Elijah loves playing hockey, football and basketball. Thanks to the Stollery Children’s Hospital, he can continue to play sports and hang out with family and friends.
Thirteen years ago, soon-to-be parents Tracie and Sue received a call letting them know the child they were to foster (and eventually adopt) had been born at only 33 weeks. When they met little Elijah, he was hooked up to a feeding tube and struggling with his oxygen levels. A week later, experts at the Stollery diagnosed him with several holes in his heart and Tetralogy of Fallot, meaning a valve in his heart was too narrow and he’d need surgery in a few months.
When Elijah was eight months old, he was healthy enough to have his first open-heart surgery. While his surgery had many complications, he recovered incredibly well and went home much sooner than expected.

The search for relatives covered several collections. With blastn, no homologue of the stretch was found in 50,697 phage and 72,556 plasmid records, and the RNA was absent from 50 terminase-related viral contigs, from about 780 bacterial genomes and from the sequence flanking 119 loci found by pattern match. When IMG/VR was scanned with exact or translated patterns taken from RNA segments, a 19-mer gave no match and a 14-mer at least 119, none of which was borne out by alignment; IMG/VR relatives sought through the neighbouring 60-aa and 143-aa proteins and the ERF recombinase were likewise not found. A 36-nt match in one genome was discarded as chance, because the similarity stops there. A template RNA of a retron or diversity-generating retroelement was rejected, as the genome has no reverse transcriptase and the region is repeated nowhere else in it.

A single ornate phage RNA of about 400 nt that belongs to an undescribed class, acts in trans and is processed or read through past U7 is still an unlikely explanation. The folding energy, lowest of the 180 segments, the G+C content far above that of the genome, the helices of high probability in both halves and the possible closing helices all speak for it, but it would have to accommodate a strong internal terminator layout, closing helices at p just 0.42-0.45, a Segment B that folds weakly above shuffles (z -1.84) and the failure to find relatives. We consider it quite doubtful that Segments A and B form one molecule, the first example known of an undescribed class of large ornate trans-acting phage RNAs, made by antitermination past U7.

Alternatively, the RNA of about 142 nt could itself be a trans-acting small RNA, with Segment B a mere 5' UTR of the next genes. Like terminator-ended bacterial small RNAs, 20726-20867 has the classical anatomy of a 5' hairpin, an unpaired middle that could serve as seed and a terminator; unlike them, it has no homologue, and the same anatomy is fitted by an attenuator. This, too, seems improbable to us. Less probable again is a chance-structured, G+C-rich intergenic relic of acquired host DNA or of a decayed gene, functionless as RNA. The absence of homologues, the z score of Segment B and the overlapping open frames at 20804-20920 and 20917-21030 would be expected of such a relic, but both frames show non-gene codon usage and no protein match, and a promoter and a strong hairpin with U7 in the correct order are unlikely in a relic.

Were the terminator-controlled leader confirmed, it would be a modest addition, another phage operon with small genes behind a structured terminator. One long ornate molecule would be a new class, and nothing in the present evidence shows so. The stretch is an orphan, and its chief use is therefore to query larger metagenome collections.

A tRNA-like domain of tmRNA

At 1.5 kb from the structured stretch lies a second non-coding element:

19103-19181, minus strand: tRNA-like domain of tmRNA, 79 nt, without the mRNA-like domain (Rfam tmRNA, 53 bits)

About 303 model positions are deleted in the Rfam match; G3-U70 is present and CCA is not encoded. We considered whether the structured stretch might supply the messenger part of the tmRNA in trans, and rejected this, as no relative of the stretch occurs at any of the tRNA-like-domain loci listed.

Elijah grew to be an active young boy. Then, at the age of seven, he started to have trouble keeping up at hockey practice. His moms took him to the Stollery and learned their son would need a second open-heart surgery to repair a failing valve. This surgery took longer than expected, but it went well with Elijah recovering at home just six days later.
At a routine checkup five years later, Elijah’s family learned his valve would need to be replaced. But this time, he could have a catheter procedure instead of a third open-heart surgery which, thanks to recent advancements, was a safer and less invasive option.
While Elijah’s heart will continue to be monitored for the rest of his life, thanks to the Stollery, he’s able to keep playing hockey and do all the things he loves to do.
Elijah’s parents share how grateful they are to have a world-class children’s hospital right in their own backyard. It’s thanks to support from corporate partners like you, through foundations like the Stollery Children’s Hospital Foundation, that Elijah can benefit from state-of-the-art treatment and clinical advancements – and continue to be the active boy he loves to be.